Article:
Every weekend growing up, Calvin Eng would hop in the car with his parents and drive to Chinatown from their home in Bayridge, Queens, to visit his maternal grandparents. His mother would grocery shop in the neighborhood while Eng visited with his grandparents. They lived in Chinatown for 50 years in the same apartment on Bayard Street that they found when they first immigrated to New York City, and it’s the same apartment Eng’s mom grew up in when she immigrated here in 1964 at the age of 13 (she followed her parents, who set up their new life before she and her siblings arrived).

Manhattan’s Chinatown, in other words, played an influential role in Eng’s life from childhood.

At first, Eng, a young kid understandably eager to fit in with his peers, did not appreciate the tradition.

“To be honest, I was not a fan of Chinatown growing up,” he tells me. “I thought it was dirty and loud, and I was ashamed of being Chinese and having to spend my weekends there. I barely had any Asian friends growing up in school. That’s obviously changed now, but it’s difficult and complicated when you’re young. When you’re young, you just want to fit in with everybody else and be accepted. It feels good to be where I am now, fully embracing my culture and myself.”

Still, his memories of those weekend excursions to Chinatown aren’t unpleasant. Eng remembers ordering lunch with his family, or if it was a special occasion, gathering at a family friend’s restaurant to share a meal “over a large lazy susan table.” Over the years, Eng has watched the neighborhood shift and evolve, as his family’s favorite go-to spots close down or get remodeled until they’re unrecognizable.

“Mei Lai Wah is a super old-school diner across the street from my grandparents’ apartment,” Eng recalls. “My go-to order was their beef cheung fun and baked pork buns because they used actual slices of marinated beef in the rice rolls, as opposed to ground beef, which made all the difference. They also used to sell these fried bowtie-shaped sweets that were piled high in the window, which I can still see very clearly. A lot has changed, and it has since been renovated; the bowties and the sliced beef cheung fun don’t exist there anymore, unfortunately.”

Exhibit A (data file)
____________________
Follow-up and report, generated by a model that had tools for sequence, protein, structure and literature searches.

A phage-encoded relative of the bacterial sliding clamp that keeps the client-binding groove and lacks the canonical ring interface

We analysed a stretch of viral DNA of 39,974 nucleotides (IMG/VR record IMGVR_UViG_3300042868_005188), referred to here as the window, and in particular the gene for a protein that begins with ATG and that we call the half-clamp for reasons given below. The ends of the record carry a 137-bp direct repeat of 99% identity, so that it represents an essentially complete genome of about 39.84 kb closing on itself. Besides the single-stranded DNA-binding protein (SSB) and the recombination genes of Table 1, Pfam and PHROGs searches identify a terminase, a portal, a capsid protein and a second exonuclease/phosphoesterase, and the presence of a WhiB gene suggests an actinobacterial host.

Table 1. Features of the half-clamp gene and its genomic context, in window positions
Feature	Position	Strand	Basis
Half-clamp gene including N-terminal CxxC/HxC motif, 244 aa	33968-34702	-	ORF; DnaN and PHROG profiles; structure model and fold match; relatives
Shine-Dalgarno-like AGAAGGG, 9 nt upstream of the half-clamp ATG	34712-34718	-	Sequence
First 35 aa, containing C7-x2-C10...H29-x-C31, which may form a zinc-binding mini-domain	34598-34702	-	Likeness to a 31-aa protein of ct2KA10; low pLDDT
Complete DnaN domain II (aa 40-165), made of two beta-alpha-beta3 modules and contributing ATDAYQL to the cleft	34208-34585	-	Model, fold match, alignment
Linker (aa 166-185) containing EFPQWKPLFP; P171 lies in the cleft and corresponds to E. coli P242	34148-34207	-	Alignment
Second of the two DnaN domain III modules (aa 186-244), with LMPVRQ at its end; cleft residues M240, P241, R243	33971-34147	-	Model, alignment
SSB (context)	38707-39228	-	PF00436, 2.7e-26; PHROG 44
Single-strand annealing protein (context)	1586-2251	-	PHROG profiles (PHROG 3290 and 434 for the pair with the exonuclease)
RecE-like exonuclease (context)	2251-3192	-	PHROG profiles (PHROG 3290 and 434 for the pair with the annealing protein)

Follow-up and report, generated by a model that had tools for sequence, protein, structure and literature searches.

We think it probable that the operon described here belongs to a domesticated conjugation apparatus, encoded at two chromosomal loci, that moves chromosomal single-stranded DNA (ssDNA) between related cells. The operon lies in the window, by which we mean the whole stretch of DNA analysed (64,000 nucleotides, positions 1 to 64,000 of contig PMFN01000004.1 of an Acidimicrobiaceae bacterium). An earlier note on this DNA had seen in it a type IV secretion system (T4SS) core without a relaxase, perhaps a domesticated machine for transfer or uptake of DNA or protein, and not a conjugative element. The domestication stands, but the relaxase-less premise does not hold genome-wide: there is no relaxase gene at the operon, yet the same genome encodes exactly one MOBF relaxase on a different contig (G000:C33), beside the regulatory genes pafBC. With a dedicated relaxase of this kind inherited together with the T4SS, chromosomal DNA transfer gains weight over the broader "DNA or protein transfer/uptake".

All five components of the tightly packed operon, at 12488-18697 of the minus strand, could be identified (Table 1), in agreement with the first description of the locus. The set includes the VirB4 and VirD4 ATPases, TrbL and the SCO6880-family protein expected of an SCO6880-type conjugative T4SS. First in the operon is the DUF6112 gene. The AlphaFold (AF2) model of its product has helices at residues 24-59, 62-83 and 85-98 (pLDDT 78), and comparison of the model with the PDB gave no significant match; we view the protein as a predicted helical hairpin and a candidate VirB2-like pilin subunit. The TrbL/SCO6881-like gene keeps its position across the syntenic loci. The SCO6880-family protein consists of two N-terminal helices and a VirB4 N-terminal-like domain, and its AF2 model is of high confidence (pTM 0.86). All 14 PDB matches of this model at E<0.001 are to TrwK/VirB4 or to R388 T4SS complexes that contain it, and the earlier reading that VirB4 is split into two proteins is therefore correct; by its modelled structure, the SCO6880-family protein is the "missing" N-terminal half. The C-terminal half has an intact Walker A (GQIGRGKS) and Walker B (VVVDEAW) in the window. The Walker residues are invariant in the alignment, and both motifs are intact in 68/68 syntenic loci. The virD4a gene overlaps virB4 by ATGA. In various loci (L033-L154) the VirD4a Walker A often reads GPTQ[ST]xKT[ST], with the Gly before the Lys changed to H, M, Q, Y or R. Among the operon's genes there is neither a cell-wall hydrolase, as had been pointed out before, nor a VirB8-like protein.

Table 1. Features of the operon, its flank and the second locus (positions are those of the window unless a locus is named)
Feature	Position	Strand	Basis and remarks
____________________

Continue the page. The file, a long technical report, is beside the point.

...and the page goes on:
Though Eng once struggled to embrace his identity and heritage, he now calls Manhattan Chinatown his “favorite and most-visited neighborhood in the city.“ Eng speaks Toisan, the Chinese dialect spoken by the older generation of immigrants who live in Chinatown today, which makes it easier for him to navigate. But he’s also honest about how long it took him to feel fully comfortable and at home in Chinatown.

“I would say I have only felt this way for the last five years or so to be honest,” he says. “Like I said, it’s complicated when you grow up. If it wasn’t for the food, I’m not sure if I would have ever felt this way — I’m not sure I would have been given the opportunity to connect with it like I have. So I’m appreciative for that.”

Today, food is a central facet of Eng’s identity and career. As a professional chef, he’s worked at Brooklyn’s Taiwanese-American restaurant and bakery Win Son. This summer, Eng will open Bonnie’s in Williamsburg, a Cantonese-American restaurant that he says is all about “embracing my culture — the culture I spent so long trying to reject growing up in this country.” Eng’s mother is the restaurant’s namesake, a touching tribute to the woman who first introduced him to Cantonese cuisine (she also inspired the CBD-infused chili crisp oil he and a friend recently released, called Loud Grandma). But it wasn’t until he landed one of his first professional cooking jobs at Nom Wah, arguably the most legendary and beloved restaurant in the neighborhood, that he learned to love the neighborhood he grew up with.

“I didn’t fall in love with Chinatown until my time working for Nom Wah in 2016,” he says. “I would grab breakfast from the rice roll carts on my way to work, and grab meat skewers on my way to the train after a shift, all on the same block. Taking the train to and from Chinatown every day, and walking along the streets, was incredibly inspiring for my growth, and it made me want to pursue Chinese food further.”